NYC Traveler Tip: Intro to Cuba, Part 2

March 24, 2021
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Disclaimer:  This article is written as a personal narrative based on personal experiences from the perspective of a US citizen. It is not intended as legal, official or professional information. MC Photo and Travel, dba MC Enterprises does not assume responsibility for any persons using this information as the sole source for planning a trip to Cuba.

NYC Traveler on a Cruise to Cuba, Part 2
 This review is my personal opinion. I am not paid by anyone. I do not receive any amenities (free or discounted). I am an Amazon Associate.

Part 1: Intro to Cuba




Currently, there are no cruises sailing from USA ports to Cuba.
It is our hope this policy is changed soon. It's an amazing experience.

This information is intended for readers who are US citizens and is solely based on the author's personal experience.

Norwegian Sky, docked in Havana, Cuba
There are 15 municipalities in Havana, Cuba. Cruise ships, currently not sailing from the United States, normally dock in Old Havana (Havana Vieja). The area is a curiosity because it seems as if it was abandoned and left to decay after the Revolution of 1959. The numerous old cars from that era add to the mystery. Some buildings are being preserved and the area is a World UNESCO Heritage Site. 
1. When I sailed in 2017, 3 cruise companies were sailing to Cuba: NorwegianCarnival and Royal Caribbean. They departed from Miami, Tampa and Port Canaveral. The port for Cuba will be Havana, which docks in Old Havana. Check the US Department of State website for the latest information regarding cruises to Cuba.


2. You can travel by airplane unless there is a restriction for safety and/or health concerns. Consult with a knowledgeable and reputable travel consultant who will give you truthful advice in your best interest regarding lodging. (When and if cruising resumes, choose an itinerary that has an overnight in Havana, if your main purpose is to visit Cuba. There are also sailings that have Havana as a one day stop, just like any other port).


3. Travel to Cuba for tourist reasons is not permitted. You must be there for a purpose as per your visa. You must travel under one of the 12 permitted licenses.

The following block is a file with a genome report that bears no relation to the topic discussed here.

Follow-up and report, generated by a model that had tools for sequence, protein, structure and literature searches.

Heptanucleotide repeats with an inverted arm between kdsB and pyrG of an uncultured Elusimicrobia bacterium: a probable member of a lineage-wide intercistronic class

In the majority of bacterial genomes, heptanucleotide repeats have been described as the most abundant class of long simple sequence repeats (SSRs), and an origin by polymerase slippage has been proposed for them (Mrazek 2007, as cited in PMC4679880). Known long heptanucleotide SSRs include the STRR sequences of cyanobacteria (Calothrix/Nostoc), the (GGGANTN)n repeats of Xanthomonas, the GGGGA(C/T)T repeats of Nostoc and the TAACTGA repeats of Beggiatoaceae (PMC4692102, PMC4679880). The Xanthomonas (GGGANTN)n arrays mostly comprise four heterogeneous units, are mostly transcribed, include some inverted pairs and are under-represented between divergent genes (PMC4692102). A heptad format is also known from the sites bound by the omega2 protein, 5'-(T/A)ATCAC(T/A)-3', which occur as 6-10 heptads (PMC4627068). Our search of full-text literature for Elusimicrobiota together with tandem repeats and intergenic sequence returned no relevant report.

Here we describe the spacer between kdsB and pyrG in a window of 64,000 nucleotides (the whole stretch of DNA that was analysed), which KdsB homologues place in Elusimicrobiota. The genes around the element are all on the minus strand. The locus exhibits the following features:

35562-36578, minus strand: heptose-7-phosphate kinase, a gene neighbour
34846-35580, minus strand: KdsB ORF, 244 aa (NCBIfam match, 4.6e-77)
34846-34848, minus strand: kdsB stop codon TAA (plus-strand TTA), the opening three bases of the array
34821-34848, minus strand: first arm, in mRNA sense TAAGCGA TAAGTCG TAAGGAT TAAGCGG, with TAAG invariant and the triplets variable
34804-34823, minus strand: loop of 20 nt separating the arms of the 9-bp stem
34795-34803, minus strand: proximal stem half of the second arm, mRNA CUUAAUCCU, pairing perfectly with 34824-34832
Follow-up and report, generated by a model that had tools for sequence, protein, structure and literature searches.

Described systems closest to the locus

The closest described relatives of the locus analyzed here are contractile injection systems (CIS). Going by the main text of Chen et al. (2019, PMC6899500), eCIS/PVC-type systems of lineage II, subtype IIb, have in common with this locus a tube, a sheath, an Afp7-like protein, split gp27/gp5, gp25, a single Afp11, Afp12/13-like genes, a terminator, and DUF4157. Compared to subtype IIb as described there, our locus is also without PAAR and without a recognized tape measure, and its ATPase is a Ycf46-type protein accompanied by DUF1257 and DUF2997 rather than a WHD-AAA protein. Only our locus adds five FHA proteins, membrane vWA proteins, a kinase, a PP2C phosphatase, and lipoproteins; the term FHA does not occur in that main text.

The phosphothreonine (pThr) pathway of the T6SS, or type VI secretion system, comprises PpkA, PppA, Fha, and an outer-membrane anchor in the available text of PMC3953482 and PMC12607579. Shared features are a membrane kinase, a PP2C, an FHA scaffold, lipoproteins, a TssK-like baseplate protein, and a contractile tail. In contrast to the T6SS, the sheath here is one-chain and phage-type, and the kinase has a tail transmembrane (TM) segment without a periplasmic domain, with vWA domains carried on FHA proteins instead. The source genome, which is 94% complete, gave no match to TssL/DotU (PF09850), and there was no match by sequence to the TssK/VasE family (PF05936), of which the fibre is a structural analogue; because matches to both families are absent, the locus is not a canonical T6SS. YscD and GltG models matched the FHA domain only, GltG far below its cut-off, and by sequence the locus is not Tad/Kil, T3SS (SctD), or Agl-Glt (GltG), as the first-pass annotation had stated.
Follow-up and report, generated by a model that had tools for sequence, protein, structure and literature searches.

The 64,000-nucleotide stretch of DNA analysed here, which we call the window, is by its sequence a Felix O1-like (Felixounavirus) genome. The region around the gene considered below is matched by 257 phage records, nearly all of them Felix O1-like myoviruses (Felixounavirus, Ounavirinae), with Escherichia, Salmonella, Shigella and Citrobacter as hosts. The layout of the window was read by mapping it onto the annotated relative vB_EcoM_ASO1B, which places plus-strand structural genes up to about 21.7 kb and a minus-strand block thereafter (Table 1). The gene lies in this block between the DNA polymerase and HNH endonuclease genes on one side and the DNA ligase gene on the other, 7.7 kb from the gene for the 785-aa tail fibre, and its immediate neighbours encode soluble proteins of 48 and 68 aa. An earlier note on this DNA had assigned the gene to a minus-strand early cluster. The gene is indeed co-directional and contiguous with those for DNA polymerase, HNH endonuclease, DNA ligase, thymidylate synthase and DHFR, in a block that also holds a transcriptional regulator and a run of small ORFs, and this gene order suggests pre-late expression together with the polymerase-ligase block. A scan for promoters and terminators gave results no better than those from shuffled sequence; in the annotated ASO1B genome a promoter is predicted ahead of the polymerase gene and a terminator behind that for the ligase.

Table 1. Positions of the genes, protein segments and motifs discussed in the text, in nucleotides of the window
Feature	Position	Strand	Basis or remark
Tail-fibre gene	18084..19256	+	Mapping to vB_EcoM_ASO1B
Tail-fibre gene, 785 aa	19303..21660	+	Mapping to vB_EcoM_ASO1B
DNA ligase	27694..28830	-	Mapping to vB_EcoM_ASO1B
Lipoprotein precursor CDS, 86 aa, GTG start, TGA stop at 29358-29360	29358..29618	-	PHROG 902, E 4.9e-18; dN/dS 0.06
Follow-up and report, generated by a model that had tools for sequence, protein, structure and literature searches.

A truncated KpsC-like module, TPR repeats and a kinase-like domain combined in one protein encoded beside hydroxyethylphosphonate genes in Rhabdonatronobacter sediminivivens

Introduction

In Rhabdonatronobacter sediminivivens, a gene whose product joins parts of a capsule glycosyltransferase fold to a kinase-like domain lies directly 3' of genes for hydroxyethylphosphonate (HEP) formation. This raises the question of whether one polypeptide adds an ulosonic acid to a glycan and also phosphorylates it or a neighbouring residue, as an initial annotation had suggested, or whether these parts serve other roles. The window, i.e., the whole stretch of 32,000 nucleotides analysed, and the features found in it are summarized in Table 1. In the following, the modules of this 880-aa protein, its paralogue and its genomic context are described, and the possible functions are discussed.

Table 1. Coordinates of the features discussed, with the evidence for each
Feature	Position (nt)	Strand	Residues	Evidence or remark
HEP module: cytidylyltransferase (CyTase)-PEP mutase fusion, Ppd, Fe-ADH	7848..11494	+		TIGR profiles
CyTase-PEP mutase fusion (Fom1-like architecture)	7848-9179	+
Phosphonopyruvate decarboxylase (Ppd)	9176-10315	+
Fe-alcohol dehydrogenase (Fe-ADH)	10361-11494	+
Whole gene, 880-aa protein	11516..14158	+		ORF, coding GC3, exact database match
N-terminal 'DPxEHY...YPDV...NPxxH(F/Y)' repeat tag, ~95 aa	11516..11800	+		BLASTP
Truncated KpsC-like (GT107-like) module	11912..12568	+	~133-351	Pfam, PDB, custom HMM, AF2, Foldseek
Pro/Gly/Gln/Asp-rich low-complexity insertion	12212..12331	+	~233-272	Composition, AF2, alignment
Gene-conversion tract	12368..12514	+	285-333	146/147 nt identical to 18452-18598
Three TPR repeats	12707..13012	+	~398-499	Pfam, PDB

4.  Technically, you must have an itinerary to visit Cuba. Plan to visit places of interest for the entire time you are in port. Normally, cruise excursions would make this easy. I booked an evening walking tour through the cruise line. Tours are also for sale as you disembark, after you clear customs and exchange money. It is possible you can plan your own activities and be engaged the entire time. Keep a record of everything: receipts and photos.

Castillo de los Tres Reyes del Morro

5. Activities that I did in order to engage in people-to-people activities included a horse-drawn city tour, visiting a cigar shop, speaking with the locals at the flea market, enjoying the Coche Mambi (the 1910 presidential rail car), a gallery and other spots around Old Havana, including the famous Havana Club.

Coche Mambi rail car

6. Running joke: Ernest Hemingway, who did live in Cuba for about 7 years in the 1930's, apparently ate, slept and visited every location in and around the old Havana area. Every tourist attraction has a plaque that proclaims that ol' Ernie was there. 

Hotel Ambos Mundos, where Ernest Hemingway lived for 7 years


Do your research. If you use a travel consultant, ask if he or she knows the latest information about visas, some of them do not arrange visas. When cruising resumes, make sure you will be able to communicate directly with the cruise line about traveling to Cuba. Buen viaje!

Happy Travels

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